hey, you guys. it’s been a minute! as per usual, heheh. but guess what, i am restarting my blog and youtube channel! (yay!) this week i’ll be making a video with Stacy Austin aka @stacylaughs about our experiences living in Korea. it’ll be interesting because even though she has popped back over to the U.S. and come back again, she came to Korea when i did in 2010.
Keykat's always hogging the internet to herself. How am I supposed to do my super important work when she's watching videos all day on her small cell phone? Well, now I took away her cell phone, so the internet should be a bit faster. It's only fair, right?
This episode will cover more about honorific speech - specifically "humble speech." We'll talk about humble verbs (such as 드리다 and 뵈다) as well as humble particles (such as 께, 께서, and 께서는).
Remember that there are free extended PDFs available for every "Learn Korean" episode (at the bottom of this post), and each contains additional information or examples not covered in the video.
Whether you’re planning a trip to visit Korea or you’re planning to relocate to Korea on a more permanent basis, you’re about to experience a fun and exciting culture that is extremely warm and welcoming to newcomers. That being said, there may be some cultural differences depending on where you’re coming from, especially in social arenas like making friends and going on dates.
CHU-EO-TANG (추어탕) is soup made from mudfish. Mudfish are small, long fish that smell a bit. But I'm no stranger to eating fish, so when I heard that visitors to Korea often avoid eating it, I decided I had to give it a try.
I went together with my friend 소영 to try it for our first time. You can get it as either ground or whole mudfish. For this video, we tried the ground-up mudfish soup. Next time I'll definitely get the whole mudfish in my soup. And you eat it together with other toppings such as chives and ground perilla seeds. I'd recommend giving it a try, as long as you like fish. It does have a nice fishy flavor which some people could dislike - but that I love.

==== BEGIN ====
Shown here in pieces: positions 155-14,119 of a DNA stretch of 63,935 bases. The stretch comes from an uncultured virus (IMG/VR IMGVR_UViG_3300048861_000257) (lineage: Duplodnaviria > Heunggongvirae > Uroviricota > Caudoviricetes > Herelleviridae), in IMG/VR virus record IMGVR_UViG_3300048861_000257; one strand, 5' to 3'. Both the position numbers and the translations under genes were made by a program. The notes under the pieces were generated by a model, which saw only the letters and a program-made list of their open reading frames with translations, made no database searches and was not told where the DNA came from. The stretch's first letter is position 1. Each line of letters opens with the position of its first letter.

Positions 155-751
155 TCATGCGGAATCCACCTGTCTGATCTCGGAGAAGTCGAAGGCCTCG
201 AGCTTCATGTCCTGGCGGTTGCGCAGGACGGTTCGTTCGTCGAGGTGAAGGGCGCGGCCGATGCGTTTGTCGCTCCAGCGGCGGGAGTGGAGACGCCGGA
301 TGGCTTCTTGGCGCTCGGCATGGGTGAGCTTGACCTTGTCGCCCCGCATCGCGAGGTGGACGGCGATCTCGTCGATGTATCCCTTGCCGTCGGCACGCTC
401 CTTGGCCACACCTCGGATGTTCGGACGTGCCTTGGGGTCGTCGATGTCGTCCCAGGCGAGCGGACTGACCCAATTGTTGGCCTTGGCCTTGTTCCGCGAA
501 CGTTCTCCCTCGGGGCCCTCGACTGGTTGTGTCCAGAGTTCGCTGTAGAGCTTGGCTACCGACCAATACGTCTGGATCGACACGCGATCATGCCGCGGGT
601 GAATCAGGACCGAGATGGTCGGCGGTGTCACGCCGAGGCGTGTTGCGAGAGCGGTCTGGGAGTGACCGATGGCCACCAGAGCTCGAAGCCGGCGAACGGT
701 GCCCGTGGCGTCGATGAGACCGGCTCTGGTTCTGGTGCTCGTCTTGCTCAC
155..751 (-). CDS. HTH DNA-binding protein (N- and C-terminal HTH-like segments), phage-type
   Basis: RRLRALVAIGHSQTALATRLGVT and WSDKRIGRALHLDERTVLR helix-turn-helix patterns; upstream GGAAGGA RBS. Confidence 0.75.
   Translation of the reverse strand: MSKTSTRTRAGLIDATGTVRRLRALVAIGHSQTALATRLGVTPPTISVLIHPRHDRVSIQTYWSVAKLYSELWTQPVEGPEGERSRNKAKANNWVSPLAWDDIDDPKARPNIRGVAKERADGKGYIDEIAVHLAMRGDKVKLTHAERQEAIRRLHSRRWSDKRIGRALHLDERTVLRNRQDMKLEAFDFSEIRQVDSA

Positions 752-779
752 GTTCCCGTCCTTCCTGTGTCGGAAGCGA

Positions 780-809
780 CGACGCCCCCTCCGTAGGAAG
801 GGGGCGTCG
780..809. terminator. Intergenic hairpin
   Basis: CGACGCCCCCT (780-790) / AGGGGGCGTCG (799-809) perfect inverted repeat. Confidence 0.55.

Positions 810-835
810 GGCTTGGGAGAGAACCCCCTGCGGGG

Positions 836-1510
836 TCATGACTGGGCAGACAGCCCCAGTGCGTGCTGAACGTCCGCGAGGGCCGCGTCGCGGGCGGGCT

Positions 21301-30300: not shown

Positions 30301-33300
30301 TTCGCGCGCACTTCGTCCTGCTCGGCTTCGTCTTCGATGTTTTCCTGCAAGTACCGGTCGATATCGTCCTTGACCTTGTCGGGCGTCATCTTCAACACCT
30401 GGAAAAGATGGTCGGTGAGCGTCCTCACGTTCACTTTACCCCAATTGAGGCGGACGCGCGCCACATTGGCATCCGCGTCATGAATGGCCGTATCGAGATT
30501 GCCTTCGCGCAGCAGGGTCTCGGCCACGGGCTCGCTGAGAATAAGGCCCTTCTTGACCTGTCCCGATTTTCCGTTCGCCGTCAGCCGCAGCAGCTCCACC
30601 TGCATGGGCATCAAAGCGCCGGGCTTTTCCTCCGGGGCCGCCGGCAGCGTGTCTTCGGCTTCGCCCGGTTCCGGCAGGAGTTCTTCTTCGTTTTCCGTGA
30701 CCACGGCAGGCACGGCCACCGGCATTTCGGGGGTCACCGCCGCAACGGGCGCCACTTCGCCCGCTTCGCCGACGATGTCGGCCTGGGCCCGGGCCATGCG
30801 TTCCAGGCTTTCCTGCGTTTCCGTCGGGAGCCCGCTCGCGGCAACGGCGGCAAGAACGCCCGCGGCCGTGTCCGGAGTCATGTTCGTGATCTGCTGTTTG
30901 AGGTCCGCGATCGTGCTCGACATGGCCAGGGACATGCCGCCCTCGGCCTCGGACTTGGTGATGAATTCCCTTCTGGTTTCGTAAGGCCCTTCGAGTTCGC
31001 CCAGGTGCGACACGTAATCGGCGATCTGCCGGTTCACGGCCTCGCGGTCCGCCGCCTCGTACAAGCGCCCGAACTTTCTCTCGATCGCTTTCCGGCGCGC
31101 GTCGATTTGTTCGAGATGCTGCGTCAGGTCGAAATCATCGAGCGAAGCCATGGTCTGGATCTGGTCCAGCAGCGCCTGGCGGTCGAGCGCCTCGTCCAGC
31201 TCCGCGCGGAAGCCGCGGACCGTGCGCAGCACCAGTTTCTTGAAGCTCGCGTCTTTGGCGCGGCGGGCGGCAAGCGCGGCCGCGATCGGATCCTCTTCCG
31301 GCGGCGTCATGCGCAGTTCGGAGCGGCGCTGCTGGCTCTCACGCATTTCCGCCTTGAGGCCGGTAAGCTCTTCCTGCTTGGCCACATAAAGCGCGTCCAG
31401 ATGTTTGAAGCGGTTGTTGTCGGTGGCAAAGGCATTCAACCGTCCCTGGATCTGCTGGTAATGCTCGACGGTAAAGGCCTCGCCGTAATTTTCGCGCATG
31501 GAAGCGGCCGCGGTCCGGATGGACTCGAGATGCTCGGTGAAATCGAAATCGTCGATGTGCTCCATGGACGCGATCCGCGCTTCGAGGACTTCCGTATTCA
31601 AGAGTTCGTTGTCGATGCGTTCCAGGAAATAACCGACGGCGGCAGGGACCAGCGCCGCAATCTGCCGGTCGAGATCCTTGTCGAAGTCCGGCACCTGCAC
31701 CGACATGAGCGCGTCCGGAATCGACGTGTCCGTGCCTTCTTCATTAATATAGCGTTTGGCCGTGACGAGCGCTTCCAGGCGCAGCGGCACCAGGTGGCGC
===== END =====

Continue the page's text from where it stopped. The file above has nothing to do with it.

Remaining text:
This is a repost of an essay I wrote for the Lowy Institute recently on the travel ban preventing Americans from going to North Korea as of September 1 this year. The picture is the US State Department mailer to this effect from a few days ago on my iPhone.
There are a million reasons to learn the Korean language — it gives you access to a whole new world of amazing movies and music, it will allow you to travel through Korea and be able to speak to the interesting people you meet, and as a bonus, you’ll also be able to understand what you’re ordering the next time you’re in a Korean restaurant.
While these are some of the most popular reasons to begin studying the Korean language, there’s one very valid reason that is less talked about, and it’s that learning Korean will help you if you’re interested in dating a Korean guy!